Capcom goes to the remaster way yet again. Does it pay off?
Capcom’s Resident Evil HD Remaster was an…odd phenomenon and yes, we know we’ve said that enough times. But how do you explain a game that was a remake of a 1989 title which came out in 1996 then re-built from the ground up for the Nintendo GameCube in 2002 before eventually arriving on current and previous gen platforms in 2015? And yet, despite its archaic nuances and mechanics, it was fun. More importantly, different sections of the game were handled in their own special way. Resident Evil HD Remaster is important because not only was it the highest selling digital game in history up till that point (Destiny: The Taken King would usurp it later) but its remastering approach is also used for Resident Evil Zero HD.
How do we even begin to explain Resident Evil Zero? During the time when Capcom was in love with the GameCube, it brought a number of exclusives to the platform. Resident Evil HD was one but Resident Evil Zero was even more important. It was a prequel to the first game but carried over many of the same production values, incorporating a scary atmosphere but making things more difficult by removing item boxes. Unsurprisingly, it was critically acclaimed even if sales were somewhat lower than expected from Resident Evil titles at the time. It eventually made its way to the Wii and was quickly forgotten before Capcom decided to resurrect it for an HD remaster.
Head to head comparison between PS4, Xbox One and PC versions of Resident Evil Zero HD Remaster. Select 1080p and 60fps option for best possibly playback quality.
Resident Evil Zero HD uses a three pronged approach to the remastering process. This consists of (a) coating some 2D objects with post processing effects, (b) polygonal objects used in place of 2D rendering and video for some objects and (c) updating complete sections with features like dynamic lighting effects. Similarly, effects like water reflections and smoke had been improved. In general features, there are options for 5.1 channel audio and either 4:3 or 16:9 aspect ratio. You can even choose to roll with the old control scheme if you so desire.
The addition of post processing, enhanced shadow and texture quality, high quality FXAA and bloom filters help to bring the game closer to a 2016 title rather than something that was released in 2002. Again, the remastering doesn’t make it look better than the best third person survival horrors to release in recent times but it still lends a visually appealing look to the proceedings.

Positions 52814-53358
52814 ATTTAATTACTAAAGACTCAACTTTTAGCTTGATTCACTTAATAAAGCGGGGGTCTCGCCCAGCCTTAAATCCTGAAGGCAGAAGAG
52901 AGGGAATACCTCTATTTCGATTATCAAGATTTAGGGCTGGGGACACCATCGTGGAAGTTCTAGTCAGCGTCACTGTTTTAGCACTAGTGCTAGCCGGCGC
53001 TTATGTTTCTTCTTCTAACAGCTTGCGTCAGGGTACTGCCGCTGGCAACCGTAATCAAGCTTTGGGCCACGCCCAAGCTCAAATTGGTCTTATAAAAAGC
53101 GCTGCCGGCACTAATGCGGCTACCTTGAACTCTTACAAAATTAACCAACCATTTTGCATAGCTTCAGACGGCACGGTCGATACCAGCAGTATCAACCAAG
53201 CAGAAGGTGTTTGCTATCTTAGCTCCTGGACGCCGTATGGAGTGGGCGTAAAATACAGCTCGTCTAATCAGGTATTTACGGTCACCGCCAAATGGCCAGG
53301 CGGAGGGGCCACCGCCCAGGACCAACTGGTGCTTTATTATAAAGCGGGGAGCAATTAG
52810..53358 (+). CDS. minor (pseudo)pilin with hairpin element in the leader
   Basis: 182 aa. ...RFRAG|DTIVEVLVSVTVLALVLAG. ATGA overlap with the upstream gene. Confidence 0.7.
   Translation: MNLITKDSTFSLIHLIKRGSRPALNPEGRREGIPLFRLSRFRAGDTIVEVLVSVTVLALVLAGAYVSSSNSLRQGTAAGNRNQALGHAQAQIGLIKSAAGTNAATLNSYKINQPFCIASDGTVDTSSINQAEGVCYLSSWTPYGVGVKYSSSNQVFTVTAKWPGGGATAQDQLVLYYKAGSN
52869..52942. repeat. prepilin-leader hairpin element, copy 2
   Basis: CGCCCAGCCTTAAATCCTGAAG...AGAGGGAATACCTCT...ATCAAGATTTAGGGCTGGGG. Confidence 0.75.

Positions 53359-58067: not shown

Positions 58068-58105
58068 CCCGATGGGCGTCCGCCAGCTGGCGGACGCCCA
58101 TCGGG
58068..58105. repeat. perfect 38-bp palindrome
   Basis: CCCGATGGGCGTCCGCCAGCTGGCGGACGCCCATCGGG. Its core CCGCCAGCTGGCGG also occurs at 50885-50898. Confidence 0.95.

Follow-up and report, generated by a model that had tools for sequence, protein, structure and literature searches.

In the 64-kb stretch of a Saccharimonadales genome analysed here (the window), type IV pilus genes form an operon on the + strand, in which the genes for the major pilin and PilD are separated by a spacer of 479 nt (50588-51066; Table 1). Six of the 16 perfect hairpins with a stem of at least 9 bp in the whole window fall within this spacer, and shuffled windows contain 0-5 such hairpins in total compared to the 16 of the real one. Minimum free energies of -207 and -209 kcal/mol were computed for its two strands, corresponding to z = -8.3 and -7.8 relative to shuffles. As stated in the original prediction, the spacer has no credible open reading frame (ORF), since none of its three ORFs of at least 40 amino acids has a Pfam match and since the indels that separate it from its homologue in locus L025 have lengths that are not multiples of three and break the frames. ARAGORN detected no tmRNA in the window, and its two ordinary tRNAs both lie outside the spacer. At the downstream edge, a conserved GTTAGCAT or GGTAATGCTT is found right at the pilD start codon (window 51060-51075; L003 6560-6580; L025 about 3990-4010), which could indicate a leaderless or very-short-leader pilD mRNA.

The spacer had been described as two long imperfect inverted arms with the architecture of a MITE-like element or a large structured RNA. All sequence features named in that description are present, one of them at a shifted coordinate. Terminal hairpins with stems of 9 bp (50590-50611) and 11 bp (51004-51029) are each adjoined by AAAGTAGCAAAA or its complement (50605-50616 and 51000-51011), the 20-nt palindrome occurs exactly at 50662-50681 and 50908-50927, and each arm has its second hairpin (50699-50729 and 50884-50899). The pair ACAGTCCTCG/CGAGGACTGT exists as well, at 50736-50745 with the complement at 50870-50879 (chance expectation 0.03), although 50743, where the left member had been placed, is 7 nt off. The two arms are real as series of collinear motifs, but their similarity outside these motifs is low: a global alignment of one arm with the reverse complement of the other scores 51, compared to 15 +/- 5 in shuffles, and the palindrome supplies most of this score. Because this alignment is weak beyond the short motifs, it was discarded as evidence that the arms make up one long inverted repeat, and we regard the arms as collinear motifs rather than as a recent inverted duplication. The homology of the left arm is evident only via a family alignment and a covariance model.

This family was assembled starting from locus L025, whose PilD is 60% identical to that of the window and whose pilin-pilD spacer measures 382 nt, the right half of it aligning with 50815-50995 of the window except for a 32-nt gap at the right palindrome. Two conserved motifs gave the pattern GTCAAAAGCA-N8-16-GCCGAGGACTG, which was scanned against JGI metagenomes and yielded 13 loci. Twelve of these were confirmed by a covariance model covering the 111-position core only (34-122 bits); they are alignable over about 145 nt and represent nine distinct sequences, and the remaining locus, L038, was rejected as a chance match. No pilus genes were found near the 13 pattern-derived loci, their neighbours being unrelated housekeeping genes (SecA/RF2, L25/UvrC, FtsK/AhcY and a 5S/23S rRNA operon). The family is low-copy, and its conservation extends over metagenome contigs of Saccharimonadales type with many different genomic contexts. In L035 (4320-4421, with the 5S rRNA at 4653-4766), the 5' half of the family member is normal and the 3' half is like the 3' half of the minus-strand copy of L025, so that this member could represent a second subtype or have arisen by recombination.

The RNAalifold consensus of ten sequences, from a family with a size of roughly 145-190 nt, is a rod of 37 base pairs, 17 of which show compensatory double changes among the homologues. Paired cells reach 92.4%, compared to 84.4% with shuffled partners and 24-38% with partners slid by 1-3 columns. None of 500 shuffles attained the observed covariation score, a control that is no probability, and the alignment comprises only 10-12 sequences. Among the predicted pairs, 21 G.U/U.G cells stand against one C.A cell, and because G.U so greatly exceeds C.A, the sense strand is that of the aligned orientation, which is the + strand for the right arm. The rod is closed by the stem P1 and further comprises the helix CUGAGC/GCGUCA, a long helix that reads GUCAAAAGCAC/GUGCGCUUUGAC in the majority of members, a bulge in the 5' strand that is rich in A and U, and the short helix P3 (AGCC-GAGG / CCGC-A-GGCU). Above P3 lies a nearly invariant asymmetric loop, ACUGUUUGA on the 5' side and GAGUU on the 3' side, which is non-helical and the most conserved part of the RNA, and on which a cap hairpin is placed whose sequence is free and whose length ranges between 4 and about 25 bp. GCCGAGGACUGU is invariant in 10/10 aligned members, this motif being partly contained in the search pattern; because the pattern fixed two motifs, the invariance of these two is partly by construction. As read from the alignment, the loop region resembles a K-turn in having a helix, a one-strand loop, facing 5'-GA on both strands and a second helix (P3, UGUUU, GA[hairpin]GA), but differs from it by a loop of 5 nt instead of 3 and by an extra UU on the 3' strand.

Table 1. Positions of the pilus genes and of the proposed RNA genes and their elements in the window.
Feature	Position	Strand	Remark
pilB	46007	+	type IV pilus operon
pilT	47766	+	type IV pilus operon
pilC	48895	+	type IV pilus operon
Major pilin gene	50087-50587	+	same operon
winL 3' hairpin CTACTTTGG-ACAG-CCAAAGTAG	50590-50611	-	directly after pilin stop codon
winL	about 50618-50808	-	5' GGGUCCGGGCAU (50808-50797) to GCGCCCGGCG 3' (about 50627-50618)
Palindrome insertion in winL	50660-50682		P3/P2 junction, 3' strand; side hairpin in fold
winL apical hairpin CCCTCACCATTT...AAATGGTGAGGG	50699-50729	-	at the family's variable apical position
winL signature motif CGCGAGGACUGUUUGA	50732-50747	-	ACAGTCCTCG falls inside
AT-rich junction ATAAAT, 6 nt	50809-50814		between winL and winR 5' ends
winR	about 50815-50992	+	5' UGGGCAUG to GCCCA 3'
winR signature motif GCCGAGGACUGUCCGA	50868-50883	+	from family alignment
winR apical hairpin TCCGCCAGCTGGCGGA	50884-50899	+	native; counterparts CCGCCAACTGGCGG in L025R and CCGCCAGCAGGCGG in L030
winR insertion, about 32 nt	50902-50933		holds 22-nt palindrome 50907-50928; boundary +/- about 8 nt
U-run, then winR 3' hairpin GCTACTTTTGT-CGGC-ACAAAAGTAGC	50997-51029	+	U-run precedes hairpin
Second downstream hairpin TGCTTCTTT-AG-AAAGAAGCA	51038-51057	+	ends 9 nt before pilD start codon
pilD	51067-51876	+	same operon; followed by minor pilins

It should also be noted that the PC version shares the exact same graphics settings as RE HD Remaster. That means options for frame rate, refresh rate, anti-aliasing (up to FXAA3HQ), shadow quality and texture quality. V-Sync can also be enabled and thus you can choose whether to lock the frame at 60 FPS. Upon playing the game on PC, you’ll see pretty much no performance issues even when all settings are maxed out at 1080p resolution and 60 FPS. A frame drop does occur when the camera shifts angles but it’s normalized fairly quickly. While testing the game on a SAPPHIRE TRI-X OC Radeon R9 290 4GB and AMD FX 8350 along with 16GB memory, we found the experience to be great.
This was also true with Resident Evil HD Remaster. However, the bigger issue with that game was that it ran in 1080p resolution and 30 frames per second. A remaster of a 2002 game running at 30 FPS on the current generation of consoles, that too when said game is two generations removed? It was all well and good last year but now that Capcom has had more time with the hardware, we’re not sure what the reason could be for the lack of a 60 FPS frame rate on Xbox One and PS4.
Frame rate performance is still decent though again, there were drops when the camera angle suddenly changed. When comparing it to the GameCube release, we noticed better lighting, volumetric effects, anti-aliasing and texture work. Of course, all this is a given since – again – the GameCube version came in 2002.
In terms of aesthetics, it’s amazing to see how Resident Evil Zero HD – much like last year’s RE HD Remaster – is capable of maintaining the tone and atmosphere of its original release while still presenting an exceptional graphical standard. The texture work is impeccably handled without giving the game a total overhaul. It’s like Capcom is aware that one of the aspects of remastering a game is keeping the graphical nuances and art style that defined the original. In that respect, even if it’s an old game with “old” mechanics, Resident Evil Zero HD looks good. In terms of remastering work, is it of a higher standard than, say, Gears of War: Ultimate Edition? That’s a question for another day but seeing such different approaches to remastering is interesting in this day and age.
If you never played Resident Evil Zero HD, then you’ll probably find this to be a lost gem of sorts. Like Resident Evil HD Remaster, it delivers a style of survival horror gameplay that you just don’t see any more, warts and all. Its horror and overall gameplay could actually be considered a step above the original game in some ways but that’s up to the player to decide.
The PC version is recommended above all thanks to higher quality shadows and anti-aliasing along with strong 60 FPS performance. The PS4 and Xbox One versions are still very much worth checking out and won’t overtly disappoint in terms of visual quality. It’s just a shame that a 60 FPS frame rate for both platform versions is missing for the second year running. For that reason alone, the current gen versions come in at a distant second place.